The model was designed to help improve health outcomes, improve access to care, and lower costs for gene therapy.
In a statement, the Biden-Harris Administration announced that sickle cell disease (SCD) will be the first focus of the Cell and Gene Therapy (CGT) Access Model, originally announced in February 2023. The access model was designed to help improve health outcomes, improve access to care, and lower costs for gene therapy.1
This announcement follows the FDA approval of Casgevy (Vertex Pharmaceuticals Inc) and Lyfgenia (Bluebird Bio Inc), 2 cell-based gene therapy treatments which were approved in December 2023 for those aged 12 years and older with SCD.2 Casgevy was the first treatment with CRISPR/Cas9 to be approved by the FDA, according to an article in Pharmacy Times.2
In a statement released by the American Society of Hematology (ASH) President Mohandas Narla, DSc, from the New York Blood Center Enterprises, said, “We recently celebrated the approval of the first gene therapies for SCD, a significant step forward for the SCD community. However, we also voiced concerns regarding the high cost of these treatments and are glad to see CMS trying to address this issue with the development of this model . . . The Society commends [the Centers for Medicare & Medicaid Services (CMS)] for incorporating coverage of fertility preservation services, travel expenses, case management, and behavioral health services into the model’s framework, and continues to advocate for increased access to all available treatments and interventions for those living with this blood condition.”3
With the CGT Access Model, CMS will work with participating states and manufactures to cultivate new framework that expands access to gene therapies for SCD. CMS will also negotiate outcome-based agreements with various manufacturers to line up pricing with health outcomes of the therapies. As part of the negotiations, CMS will also include pricing rebates and a standardized access policy.1
Additionally, states that are participating can also decide to enter into an agreement with the manufacturers based on negotiate terms as well as offer the agreed-upon standard access policy for rebates that were negotiated by CMS.1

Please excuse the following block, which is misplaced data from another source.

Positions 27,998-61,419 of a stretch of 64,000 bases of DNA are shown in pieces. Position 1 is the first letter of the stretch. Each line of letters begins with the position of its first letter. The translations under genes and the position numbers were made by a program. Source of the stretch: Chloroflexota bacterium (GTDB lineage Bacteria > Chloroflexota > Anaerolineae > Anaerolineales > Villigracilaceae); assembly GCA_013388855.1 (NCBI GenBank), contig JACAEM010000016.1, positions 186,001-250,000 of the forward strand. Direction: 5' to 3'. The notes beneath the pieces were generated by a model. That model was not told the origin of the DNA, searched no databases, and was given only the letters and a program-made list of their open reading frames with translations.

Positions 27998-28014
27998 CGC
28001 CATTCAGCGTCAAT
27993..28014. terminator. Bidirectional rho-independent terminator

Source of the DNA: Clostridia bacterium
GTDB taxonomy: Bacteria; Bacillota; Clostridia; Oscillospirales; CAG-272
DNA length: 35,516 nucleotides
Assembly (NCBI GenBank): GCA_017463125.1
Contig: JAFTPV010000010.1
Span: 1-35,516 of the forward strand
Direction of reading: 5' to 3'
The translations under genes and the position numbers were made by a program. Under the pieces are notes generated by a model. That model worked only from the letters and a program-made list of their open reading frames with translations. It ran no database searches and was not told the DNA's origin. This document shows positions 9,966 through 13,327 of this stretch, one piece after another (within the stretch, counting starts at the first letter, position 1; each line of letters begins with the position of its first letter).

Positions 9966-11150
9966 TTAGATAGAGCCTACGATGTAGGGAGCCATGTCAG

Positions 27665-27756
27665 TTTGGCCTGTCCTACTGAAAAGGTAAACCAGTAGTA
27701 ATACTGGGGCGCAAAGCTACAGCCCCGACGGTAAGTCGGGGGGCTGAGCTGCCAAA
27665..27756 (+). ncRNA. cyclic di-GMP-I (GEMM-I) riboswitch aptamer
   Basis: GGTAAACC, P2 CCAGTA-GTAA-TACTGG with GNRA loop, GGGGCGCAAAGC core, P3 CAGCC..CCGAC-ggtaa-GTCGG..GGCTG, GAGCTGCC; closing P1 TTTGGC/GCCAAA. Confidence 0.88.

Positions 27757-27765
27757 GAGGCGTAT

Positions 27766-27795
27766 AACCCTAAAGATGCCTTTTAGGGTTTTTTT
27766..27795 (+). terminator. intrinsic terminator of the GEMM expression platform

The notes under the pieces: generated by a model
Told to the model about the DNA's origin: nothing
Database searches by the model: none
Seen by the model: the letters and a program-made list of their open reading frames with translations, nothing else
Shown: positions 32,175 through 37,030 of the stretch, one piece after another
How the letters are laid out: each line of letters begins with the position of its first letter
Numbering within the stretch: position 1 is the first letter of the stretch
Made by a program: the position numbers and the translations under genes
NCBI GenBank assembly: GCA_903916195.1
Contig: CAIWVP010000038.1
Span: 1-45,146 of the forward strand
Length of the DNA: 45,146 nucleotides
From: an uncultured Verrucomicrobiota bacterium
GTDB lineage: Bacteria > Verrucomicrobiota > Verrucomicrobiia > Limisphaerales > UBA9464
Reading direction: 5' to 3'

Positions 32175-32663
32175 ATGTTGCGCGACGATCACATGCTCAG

Furthermore, CMS will negotiate the financial and clinical outcome measures with the manufacturers, including reconciling data, monitoring results, and evaluating outcomes. The CGT Access Model will begin January 2025, and states can choose to begin participation between January 2025 and January 2026, according to the statement.
As part of the model, CMS also intends to address additional care gaps and barriers to access for those with cell and gene therapy during the negotiation process, including a defined scope of fertility preservation services, according to the release. Funding will also be offered to states that participate in activities increasing access to cell and gene therapy as well as promoting comprehensive care for those with Medicaid undergoing gene therapy for SCD.1
The CGT Access Model could be expanded to other types of CGTs in the future.1
According to an article published by Pharmacy Times, individuals who have severe SCD have a high interest in potentially curative gene therapy treatment and are even willing to accept the risk for a potential cure. The current standard of care for SCD is hydroxyurea, which is for symptom management. Bone marrow transplantation can cure the disease if successful, though transplantation includes finding a matching donor and has a high risk of rejection.4
However, such advancements in bone marrow transplantation have been made. In an interview with Pharmacy Times, Robert A Brodsky, MD, the 2023 president of the American Society of Hematology and professor of medicine at Johns Hopkins University School of Medicine, highlighted a new treatment option for SCD, haploidentical bone marrow transplant.5
“You no longer need a perfectly matched sibling, and the cure rate is 90%. It's also 10 times cheaper than gene therapy, and this is available now,” he said in the interview. “There is a something called a Wiz transcription factor that is very important for hemoglobin switching, and so this is kind of the future.”5
He added that although this is an improvement in care for SCD, not everyone has needs or can get bone marrow transplants, highlighting the need for more drug development for the disease.5